"Then there is Andre Drummond, who is so, so good and so talented. He's a live body and he can change games because he's rebounding and blocking shots, and he will only get better at the offensive end. He's a specimen -- his body and his length. And he has a nose for the ball. I think Lawrence Frank did an incredible job developing him and bringing him along slowly. He was just about to [turn] the corner -- and then he got hurt.
"There is no question Drummond is the third-best guy from the draft. He reminds me of Shawn Kemp when he was so explosive before he ate up the cheeseburger franchise. Drummond jumps out of the gym. He goes and gets rebounds over everybody, including great athletes. I hear he does have a little bit of fire to him.
"I like Michael Kidd-Gilchrist. He has a high motor and he plays with energy. But he's not going to be the guy who changes your team; or if he does, it's going to be a few years away. Compare him to Bradley Beal, who was the best player on his college team; Kidd-Gilchrist wasn't close to the best player on his team. Randy Wittman has done a terrific job with the Wizards and Beal has become his go-to guy.
"Dion Waiters is playing great for Cleveland. Alexey Shved can give your bench some scoring punch. He isn't going to change anybody's team. I don't think he's a starter, though some people love him more than I do. He's a nice passer and can get some guys some easy scores. I'd like to have him on my team, but I wouldn't pay him a whole lot of money. And I would say the same thing about Jonas Valanciunas. I'd like to have him, but he's not close to Drummond as a talent.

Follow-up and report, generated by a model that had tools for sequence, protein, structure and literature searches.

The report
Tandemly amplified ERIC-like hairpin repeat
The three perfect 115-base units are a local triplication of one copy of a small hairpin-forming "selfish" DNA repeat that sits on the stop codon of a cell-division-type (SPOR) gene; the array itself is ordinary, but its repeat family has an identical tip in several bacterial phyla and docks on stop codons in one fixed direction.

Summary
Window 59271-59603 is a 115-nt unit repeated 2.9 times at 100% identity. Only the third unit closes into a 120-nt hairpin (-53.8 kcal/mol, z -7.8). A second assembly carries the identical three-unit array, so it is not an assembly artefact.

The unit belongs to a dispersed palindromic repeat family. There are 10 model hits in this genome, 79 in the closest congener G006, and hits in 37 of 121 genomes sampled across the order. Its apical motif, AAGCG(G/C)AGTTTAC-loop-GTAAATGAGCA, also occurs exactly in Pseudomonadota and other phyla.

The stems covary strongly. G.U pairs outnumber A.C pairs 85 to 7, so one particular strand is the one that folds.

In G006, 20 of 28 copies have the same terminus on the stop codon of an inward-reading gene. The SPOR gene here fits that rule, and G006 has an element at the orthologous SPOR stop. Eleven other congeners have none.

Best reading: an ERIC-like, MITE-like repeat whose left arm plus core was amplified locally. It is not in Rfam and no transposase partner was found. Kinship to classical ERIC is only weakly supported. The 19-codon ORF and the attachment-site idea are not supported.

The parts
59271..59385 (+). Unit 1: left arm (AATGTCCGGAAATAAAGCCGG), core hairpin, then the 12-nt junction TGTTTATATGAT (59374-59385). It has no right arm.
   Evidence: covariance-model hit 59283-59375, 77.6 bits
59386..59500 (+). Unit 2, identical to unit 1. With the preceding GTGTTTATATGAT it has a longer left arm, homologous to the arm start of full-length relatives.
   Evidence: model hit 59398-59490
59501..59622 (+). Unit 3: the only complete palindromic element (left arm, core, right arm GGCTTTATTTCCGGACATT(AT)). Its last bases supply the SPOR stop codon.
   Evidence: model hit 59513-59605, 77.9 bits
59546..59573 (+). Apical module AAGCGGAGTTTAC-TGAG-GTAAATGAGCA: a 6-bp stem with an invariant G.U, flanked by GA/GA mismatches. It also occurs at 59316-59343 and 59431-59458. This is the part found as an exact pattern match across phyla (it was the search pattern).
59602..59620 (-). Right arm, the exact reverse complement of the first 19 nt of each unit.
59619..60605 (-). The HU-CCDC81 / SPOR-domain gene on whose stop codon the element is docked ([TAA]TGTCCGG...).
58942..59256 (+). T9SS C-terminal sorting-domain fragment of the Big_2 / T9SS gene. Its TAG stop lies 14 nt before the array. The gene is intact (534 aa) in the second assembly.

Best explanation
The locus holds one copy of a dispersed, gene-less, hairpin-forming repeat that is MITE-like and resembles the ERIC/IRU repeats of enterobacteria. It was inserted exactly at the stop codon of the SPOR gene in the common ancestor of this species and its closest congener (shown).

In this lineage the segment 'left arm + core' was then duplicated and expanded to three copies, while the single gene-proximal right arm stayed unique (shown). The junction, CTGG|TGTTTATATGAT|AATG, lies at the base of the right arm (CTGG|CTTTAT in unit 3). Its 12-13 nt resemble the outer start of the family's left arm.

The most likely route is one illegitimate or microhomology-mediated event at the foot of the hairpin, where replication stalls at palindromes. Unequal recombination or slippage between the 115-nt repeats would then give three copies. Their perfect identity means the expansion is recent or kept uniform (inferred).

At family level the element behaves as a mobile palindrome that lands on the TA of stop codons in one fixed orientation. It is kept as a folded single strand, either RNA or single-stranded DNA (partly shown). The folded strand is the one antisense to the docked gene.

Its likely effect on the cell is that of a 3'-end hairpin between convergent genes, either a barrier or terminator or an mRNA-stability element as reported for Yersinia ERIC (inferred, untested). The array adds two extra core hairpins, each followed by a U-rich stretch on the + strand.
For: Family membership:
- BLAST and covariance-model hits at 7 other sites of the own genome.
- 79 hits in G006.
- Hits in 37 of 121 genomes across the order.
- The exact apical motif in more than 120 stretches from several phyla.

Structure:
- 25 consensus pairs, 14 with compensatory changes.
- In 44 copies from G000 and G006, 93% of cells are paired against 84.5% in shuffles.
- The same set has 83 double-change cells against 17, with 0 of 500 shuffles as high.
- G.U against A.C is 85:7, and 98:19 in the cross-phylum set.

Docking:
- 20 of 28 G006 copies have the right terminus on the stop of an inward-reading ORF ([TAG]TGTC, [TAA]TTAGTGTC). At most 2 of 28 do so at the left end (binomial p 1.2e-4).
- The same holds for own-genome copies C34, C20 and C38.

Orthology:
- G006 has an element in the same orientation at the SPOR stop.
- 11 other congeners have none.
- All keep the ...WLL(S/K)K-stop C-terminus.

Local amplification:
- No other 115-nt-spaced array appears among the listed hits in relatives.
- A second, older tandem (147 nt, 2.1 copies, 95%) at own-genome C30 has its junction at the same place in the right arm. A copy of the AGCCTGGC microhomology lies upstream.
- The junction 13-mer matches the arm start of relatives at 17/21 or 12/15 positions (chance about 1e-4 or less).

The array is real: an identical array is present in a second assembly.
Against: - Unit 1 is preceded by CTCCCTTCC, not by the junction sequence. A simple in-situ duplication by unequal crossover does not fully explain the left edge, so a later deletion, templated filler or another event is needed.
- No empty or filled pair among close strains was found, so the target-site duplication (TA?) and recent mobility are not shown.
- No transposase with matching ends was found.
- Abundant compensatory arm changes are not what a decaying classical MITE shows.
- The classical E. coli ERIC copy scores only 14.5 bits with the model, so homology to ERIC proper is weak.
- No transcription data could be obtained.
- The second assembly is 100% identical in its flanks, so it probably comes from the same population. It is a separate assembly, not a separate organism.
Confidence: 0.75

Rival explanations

"I like Harrison Barnes, too, and I think I would give him the edge over Kidd-Gilchrist right now. But it's very close and it's one of those choices you'd want to study a lot before making a final decision."
The Spurs recently extended their streak of 50 wins or more for a 14th straight season, an incredible achievement. The team below consists of the role players who have been assembled over the last 14 years around the Spurs' Hall of Fame quartet of David Robinson, Tim Duncan, Manu Ginobili and Tony Parker.
F/C Antonio McDyess (2009-11)
F Robert Horry (2003-08)
F Bruce Bowen (2001-09)
G Terry Porter (1999-02)
G Avery Johnson (1991, '92-93, '94-01)
F Sean Elliott (1989-93, '94-01)
F Malik Rose (1997-05)
F Michael Finley (2005-10)
G Mario Elie (1998-00)
G Brent Barry (2004-08)
G Stephen Jackson (2001-03, 2012-)
G Steve Kerr (1999-01, '02-03)